The intricate and vast waterways of the Delta have been utilized since the beginning of film making. In 1916 the Rio Vista section was used as the setting for the film, Jim Bledso. Sections of the film used a vintage 1890’s steamer called the Grace Barton and the now dredged Wood Island called for it to catch fire. Something went awry during filming as the fire grew out of control and destroyed the steamer. Although unintentional the fire adds a level of realism to the movie.Released that same year and filmed both on the Delta near Isleton and in Stockton, was Mickey Rooney’s film, The Adventures of Huckleberry Finn. The same locations used in this filming would also be showcased in the 1960s version. Besides the Mississippi River, the Delta has also served as the Yangtze River in China for the filming of Blood Alley, starring directed and produced by John Wayne. Also starring in the film was Lauren Bacall, whose new husband Humphrey Bogart joined her in Stockton for the filming of the movie. The production group stayed at Hotel Stockton and often enjoyed dinner, drinks and poker at Chet’s located on Wilson Way. The movie group continued to frequent the bar even after the police were called when Wayne punched a bartender for a rude remark. Nevertheless, the “Duke” enjoyed his time in Stockton often signing autographs for fans after long hours of shooting.
Due to the proximity of Stockton and the Delta, it was not unusual for production crews to use both locations for movies. This includes the 1956 film, Our Miss Brooks, filmed around Stockton High schools and nearby neighborhoods. It also includes shots on the Delta Pier, most notably the scene where star Eve Arden falls into the water trying to get into a boat. A story from production describes this scene being shot and reshoot while fellow actor Richard Crenna fished nearby, amused by the takes. Sammy Davis Jr. came to Stockton in the late 1950s for the filming of Porgy and Bess. While the filming locations are limited to the San Joaquin Delta Island and surrounding rivers, Davis made sure to visit the University of Pacific and discuss football with the team star Dick Bass. Bass would go on to be the second pick in round one of the 1959 draft and play as a running back for the Los Angeles Rams from 1960-1969.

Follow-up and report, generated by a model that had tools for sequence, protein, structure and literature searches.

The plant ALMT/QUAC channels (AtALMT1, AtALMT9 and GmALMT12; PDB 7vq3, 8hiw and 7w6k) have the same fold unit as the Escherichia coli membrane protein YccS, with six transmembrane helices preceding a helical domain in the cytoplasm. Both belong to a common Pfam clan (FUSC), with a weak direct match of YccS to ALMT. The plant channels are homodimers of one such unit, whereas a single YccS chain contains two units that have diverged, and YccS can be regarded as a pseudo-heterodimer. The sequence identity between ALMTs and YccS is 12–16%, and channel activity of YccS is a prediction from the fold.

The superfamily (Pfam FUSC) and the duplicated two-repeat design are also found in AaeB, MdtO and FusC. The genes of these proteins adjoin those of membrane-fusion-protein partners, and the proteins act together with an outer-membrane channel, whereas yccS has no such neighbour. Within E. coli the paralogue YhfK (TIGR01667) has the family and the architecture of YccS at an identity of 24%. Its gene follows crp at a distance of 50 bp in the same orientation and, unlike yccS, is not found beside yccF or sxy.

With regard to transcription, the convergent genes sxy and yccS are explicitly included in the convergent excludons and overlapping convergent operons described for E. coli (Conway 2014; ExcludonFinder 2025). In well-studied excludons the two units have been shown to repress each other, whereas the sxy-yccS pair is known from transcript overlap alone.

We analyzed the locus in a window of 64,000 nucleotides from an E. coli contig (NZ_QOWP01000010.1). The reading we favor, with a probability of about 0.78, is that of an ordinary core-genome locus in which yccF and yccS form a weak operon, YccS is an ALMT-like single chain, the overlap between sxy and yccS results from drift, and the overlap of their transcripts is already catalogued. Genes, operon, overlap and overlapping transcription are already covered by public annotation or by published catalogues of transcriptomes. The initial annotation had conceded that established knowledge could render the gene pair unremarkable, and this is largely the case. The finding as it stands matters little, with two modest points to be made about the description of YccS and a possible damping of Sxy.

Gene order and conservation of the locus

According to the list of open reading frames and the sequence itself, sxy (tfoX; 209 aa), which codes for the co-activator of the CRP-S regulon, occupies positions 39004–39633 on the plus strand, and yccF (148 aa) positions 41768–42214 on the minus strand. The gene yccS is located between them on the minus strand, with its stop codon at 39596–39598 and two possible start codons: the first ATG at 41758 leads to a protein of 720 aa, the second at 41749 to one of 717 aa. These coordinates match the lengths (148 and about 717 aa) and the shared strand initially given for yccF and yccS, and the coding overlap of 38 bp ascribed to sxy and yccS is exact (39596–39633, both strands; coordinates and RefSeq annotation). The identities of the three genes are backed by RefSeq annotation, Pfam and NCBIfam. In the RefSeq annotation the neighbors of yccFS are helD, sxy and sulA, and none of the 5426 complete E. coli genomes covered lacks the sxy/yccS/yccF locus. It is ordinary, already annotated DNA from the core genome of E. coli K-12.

1969 saw Paul Newman arrive for the production of Cool Hand Luke. This movie called for numerous locations throughout the county. These included shots around Dentoni Park on Davis Road, rural Stockton Roads, and the Delta on the Roberts Island side. As in the past, structures were built to ease filming. The citizens of San Joaquin County have long catered to production and crew. This could not be truer than in the 1970’s The Moonshine War. For this film, sections of the Sierra Hills and Farming was spray painted green to combat procrastination on the production end which left the area looking brown due to summer conditions. By the end of the 1970s the Delta was used as the setting for the comedy, Swim Team. Scenes for this film include the Old Moore’s Riverboat and on the Mokelumne River. The Mother Lode (El Dorado County, Amador, Calaveras, Tuolumne, Mormon Bar Mariposa County) The 1930 film, The Storm, was filmed around the Twain Harte community in Tuolumne County. The film was notable for its featured star, Lupe Velez. Velex was one of the earliest Mexican actors to see success in Hollywood. Movie star Lon McAllister who started in Winged Victory, made his way back to the area in 1948 with the filming of Scudda Hoo! Scudda Hay!. Filming for this movie was completed in Tuolumne County around the Twain Harte area. A notable scene in this films shows then unknown Marilyn Monroe in a boat.
By 1952 Westerns came to Hollywood North in the form of High Noon. For this film, the production group stayed in Stockton and the San Joaquin Film Commission searched for locations. They found perfect spots in Columbia State Park and State Historic Park, St. Joseph’s Catholic Church in Tuolumne County and Warnerville in Stanislaus County. The Mother Lode regions offers many beautiful lake front locations, a great example can be seen in Burt Reynolds, 1969 classic, Sam Whiskey. This was filmed in the Sierra Foothills, portraying Camanche Lake as a river. During the filming process the production group stayed in Stockton and rented the nearby Stockton Royal Theatre to watch the film segments each night at 11 p.m. During his career, Clint Eastwood made three trips to the Mother Lode and Stockton area for filming. His first was Honkytonk Man in 1982. Filming included a card-playing scene in the 150 year old Gold Rush Motel and in front of a nearby store. Eastwood would return in 1988 for the filming of Bird and 1992 in Unforgiven. For the filming of Bird, Eastwood and the filming crew stayed at the Stockton Hilton and filmed scenes at the historic Delta community of Locke. In Unforgiven, Eastwood utilized the set made for the 1991 film Back to the Future Part III. This film was shoot near Sonora with the town set created west of Chinese Camp.
It is easy to see how San Joaquin County, the Delta and the Mother Lode have come to be known as Hollywood North. Since the beginning of the film age, we have welcomed an array of aware winning producers, directors and actors. While filming has slowed down in recent years, the area remains iconic and forever intertwined with Hollywood.